Details of a new examination regime to replace GCSEs will be announced today in the biggest overhaul of secondary school testing for a generation.
Education Secretary Michael Gove and Deputy Prime Minister Nick Clegg, who clashed openly earlier this year, will launch the reforms jointly after negotiating a plan agreeable to both sides of the coalition.
Some of the main changes, which apply only to England, are expected to include:
- Emphasis on academic rigour and traditional end-of-year exams
- An end to modular and rolling assessments
- Cap on the proportion of top grades that can be awarded
- No two-tier system
Although in some ways the changes represent a return to the old O-level system, Mr Gove is expected to give assurances that there will be no two-tier system of qualifications following protests from the Liberal Democrats.
Previously, more academically talented students took O-levels and the rest sat CSEs.
Nick Clegg said last night that he was confident the reforms could boost confidence in the exam system while maintaining a single tier system.
The proposed implementation of the reforms has been pushed back until autumn 2015, after the next general election.
It means an incoming Labour government could potentially repeal the changes before they were implemented.
It is understood that Mr Gove and Mr Clegg have worked closely together over the summer to find common ground on an issue that has at times been divisive.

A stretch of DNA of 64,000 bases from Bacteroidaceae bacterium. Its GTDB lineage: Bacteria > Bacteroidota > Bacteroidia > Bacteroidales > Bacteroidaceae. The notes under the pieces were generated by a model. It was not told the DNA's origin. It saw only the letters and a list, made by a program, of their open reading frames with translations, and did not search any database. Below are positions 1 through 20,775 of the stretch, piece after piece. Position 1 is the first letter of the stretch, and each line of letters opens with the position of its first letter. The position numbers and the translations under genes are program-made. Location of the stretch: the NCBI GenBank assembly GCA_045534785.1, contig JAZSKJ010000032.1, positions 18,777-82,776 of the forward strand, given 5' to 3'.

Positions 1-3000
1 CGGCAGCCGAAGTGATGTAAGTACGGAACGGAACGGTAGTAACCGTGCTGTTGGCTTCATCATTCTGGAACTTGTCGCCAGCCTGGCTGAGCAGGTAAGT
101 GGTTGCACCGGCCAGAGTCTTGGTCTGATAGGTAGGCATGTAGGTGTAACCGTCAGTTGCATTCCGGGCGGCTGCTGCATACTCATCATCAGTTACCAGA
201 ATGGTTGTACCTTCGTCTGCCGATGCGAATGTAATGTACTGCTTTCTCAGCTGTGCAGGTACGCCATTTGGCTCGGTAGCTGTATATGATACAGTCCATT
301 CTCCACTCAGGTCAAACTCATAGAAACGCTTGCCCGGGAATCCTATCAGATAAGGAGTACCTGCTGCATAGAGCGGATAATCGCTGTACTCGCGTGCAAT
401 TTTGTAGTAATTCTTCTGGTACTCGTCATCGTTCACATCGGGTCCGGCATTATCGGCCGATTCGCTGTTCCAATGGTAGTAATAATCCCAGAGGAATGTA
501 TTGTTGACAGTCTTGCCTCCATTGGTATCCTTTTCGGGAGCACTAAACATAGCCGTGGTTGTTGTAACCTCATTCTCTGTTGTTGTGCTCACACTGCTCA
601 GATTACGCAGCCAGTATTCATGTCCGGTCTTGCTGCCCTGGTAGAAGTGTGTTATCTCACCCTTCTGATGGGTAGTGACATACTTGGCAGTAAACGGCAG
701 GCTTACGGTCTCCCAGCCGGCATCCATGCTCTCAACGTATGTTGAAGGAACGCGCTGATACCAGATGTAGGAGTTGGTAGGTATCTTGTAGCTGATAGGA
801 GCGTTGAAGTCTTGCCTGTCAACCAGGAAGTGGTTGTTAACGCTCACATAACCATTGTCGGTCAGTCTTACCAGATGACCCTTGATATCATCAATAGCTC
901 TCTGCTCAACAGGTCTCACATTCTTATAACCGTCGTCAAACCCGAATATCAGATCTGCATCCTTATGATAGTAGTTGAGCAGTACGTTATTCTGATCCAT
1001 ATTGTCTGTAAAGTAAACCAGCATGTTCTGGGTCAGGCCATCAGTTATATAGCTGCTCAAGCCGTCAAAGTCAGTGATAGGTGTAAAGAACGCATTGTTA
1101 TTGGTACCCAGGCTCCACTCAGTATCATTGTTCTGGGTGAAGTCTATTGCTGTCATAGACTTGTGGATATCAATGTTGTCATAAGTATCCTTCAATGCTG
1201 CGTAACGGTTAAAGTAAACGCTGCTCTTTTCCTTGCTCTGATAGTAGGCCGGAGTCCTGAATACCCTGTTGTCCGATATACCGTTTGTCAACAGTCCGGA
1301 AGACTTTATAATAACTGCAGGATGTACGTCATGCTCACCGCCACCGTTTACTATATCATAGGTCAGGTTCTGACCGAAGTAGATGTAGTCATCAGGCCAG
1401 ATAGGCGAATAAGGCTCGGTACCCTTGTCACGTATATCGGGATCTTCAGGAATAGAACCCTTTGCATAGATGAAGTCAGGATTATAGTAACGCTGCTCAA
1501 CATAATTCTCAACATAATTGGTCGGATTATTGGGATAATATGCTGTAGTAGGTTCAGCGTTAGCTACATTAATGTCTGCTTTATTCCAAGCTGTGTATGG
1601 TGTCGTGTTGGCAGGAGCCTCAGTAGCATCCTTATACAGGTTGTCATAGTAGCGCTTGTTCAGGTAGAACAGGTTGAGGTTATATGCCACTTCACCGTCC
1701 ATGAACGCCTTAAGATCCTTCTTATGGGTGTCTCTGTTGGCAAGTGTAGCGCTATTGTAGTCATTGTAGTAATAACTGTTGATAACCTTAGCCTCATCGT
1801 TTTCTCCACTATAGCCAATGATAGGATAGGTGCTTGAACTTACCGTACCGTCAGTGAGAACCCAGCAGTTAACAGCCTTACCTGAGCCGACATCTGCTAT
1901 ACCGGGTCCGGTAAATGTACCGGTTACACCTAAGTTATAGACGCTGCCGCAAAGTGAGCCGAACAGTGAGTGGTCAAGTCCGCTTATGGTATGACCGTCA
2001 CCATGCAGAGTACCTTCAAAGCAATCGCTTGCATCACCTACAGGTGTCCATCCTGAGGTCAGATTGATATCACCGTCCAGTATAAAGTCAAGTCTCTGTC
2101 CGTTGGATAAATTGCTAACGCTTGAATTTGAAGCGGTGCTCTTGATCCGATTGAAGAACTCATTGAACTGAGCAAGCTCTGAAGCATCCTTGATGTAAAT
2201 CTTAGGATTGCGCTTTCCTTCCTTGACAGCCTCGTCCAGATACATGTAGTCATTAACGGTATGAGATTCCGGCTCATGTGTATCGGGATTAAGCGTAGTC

In June, Mr Gove's plans for a return to an O-level-style exam system were leaked to the press, prompting Mr Clegg to declare that the Liberal Democrats would oppose "anything that would lead to a two-tier system where children at quite a young age are somehow cast on a scrapheap".
A source told the Press Association that it had been a "really good coalition process" and that the end result would "raise the bar without shutting the door".
Labour has not as yet indicated that it will oppose the plans, although it criticised the timing and the leaking of details to the press. Shadow education secretary Stephen Twigg said:
– Shadow education secretary Stephen Twigg
It is inappropriate for an overhaul of GCSEs to be leaked while young people taking English GCSEs this year have been treated so unfairly, and are still in limbo.
Labour supports rigorous exams but only if they don't act as a cap on aspiration. Politicians should not set an artificial limit on the number of top grades, rather the best work should be rewarded...
However, it is not clear how this new system will ensure a breadth of knowledge and skills and that pupils continue studying English and maths until age 18.
There has been no consultation on these plans, rather they have been drawn up in secret and leaked to select media outlets.